As lectures are increasingly livestreamed or recorded for internet and broadcast uses, we have developed some basic guidelines for these hybrid lectures. Please let us know if you have questions at firstname.lastname@example.org.
The Christian Science Board of Directors owns copyright to all Christian Science lectures, including derivative versions recorded by hosting branches. See "Copyright information for all lectures" on Host a Christian Science Lecture.
Branches should discuss the idea of a hybrid lecture with the lecturer before proceeding with arrangements. There are specific forms to sign to confirm copyright ownership and appropriate use of the recording.
Use of lecture recordings will be managed by the lecturer. Lecturers will give branches links to the recordings for embedding on the branches’ websites. The lecturer should review the entire video and make appropriate edits within a reasonable time after the lecture event.
The branch and lecturer should discuss how the branch would like to use the recording (internet embedding on the branch website, radio or limited cable TV broadcast, etc.) and for how long. To avoid misunderstanding, we recommend that these communications be in writing (including or via email).
We recommend making a lecture recording available online for up to three months, though a lecturer may allow a different time period (up to 12 months) in certain circumstances. The Board of Lectureship sometimes posts lectures for longer periods on its own internet channels.
At the beginning of the lecture, please announce to the audience that the lecture is being livestreamed and/or recorded for posting on the internet, embedding on your website, and possibly other broadcast uses. Offer an off-camera area for individuals who do not wish to be recorded.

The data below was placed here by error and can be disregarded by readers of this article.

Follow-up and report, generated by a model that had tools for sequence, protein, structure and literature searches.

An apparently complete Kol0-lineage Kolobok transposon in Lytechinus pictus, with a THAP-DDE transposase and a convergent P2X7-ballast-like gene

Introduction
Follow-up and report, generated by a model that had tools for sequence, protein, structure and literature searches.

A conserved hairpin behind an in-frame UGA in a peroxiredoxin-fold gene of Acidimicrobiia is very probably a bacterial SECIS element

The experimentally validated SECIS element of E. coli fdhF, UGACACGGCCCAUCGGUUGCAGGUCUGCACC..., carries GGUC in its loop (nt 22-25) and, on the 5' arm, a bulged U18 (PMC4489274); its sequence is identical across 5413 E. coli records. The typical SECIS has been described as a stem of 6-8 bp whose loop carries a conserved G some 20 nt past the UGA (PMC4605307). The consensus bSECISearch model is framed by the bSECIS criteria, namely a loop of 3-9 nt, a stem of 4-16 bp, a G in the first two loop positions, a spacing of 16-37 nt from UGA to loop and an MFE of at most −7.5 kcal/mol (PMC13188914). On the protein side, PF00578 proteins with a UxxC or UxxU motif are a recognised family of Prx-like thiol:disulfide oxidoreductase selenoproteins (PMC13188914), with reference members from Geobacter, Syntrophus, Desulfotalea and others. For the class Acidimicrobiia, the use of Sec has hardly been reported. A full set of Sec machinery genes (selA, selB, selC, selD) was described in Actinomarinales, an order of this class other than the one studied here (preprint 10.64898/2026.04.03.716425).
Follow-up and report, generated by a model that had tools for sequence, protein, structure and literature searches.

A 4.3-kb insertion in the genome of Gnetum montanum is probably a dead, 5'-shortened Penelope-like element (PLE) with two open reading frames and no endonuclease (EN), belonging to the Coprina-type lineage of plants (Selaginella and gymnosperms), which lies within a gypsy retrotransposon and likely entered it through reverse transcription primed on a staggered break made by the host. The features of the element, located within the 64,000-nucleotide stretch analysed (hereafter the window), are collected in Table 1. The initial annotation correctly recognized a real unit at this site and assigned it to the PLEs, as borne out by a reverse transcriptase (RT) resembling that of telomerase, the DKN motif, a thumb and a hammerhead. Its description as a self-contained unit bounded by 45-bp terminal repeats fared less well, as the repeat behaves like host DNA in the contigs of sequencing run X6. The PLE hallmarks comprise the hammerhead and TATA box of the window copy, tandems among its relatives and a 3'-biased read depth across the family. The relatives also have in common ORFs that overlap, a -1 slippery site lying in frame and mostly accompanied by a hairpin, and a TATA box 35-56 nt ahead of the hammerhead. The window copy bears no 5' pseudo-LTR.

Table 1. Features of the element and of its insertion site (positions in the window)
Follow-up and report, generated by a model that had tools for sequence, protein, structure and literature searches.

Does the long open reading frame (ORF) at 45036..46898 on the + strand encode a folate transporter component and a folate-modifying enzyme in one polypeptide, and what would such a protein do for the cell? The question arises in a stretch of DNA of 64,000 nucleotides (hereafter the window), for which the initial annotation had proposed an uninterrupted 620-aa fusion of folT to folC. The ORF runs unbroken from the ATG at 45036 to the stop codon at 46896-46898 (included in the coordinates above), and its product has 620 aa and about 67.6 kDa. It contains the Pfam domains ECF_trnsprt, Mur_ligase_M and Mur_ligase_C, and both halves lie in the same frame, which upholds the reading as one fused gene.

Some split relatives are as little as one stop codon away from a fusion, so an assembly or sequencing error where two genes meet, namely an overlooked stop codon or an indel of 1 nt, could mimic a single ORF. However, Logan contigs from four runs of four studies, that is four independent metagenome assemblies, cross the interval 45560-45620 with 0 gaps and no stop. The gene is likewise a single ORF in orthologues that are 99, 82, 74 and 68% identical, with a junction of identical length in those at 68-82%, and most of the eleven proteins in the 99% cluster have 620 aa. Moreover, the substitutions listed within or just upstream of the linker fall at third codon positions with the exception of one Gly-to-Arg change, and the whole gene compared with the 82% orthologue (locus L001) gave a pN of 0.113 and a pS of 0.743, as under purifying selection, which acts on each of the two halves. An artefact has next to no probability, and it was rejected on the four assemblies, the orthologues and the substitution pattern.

The best practice is to have the camera focus on the lecturer and to limit the number of recognizable audience members.
During the lecture, you will be responsible for identifying with the videographer(s) any audience members whose faces or voices may have been recorded, and for having those audience members sign an Audience Consent, Release, and Copyright Agreement. For example, this could include an introducer; those recorded individually asking a question (though it's best if the lecturer repeats the question and not to record the questioner); those who might have inadvertently turned or walked towards the camera; etc.
In general, the following points describe good practices for achieving a video of acceptable quality. If you are interested in sharing your video lecture with the Board of Lectureship, we will consider posting it or a version of it on christianscience.com or on the Board of Lectureship’s YouTube channel if these points have been fulfilled. Please follow these tips and see the graphics below to aid the process and help to ensure a high quality recording for future viewers:
Have all videographers and all other parties who contributed to the creation of the recording sign a Contributor Copyright Agreement. See "Copyright information for all lectures" on Host a Christian Science Lecture.
The video must be in High Definition.
The audio must be recorded from an external microphone which is fed directly into the camera.
Please, no shots of the audience, except a wide crowd shot from behind.
It would be best to have more than one camera for the shoot, however, it is not required. Make sure there are no breaks or gaps in the filming.
Make sure to keep the lecturer in the shot. Be careful not to have the lecturer too far to one side, too high or too low as they might be cut off.
Ex. 1 below shows different ways to frame the speaker in the camera’s viewfinder. If using two cameras, we recommend having one frame be a full-body shot, while the other frames more of a close-up.
Ex. 2 shows preferred locations for setting up the cameras. It’s recommended that cameras be at the back of the audience rather than in front, so that the video viewers have a better visual reference of the event.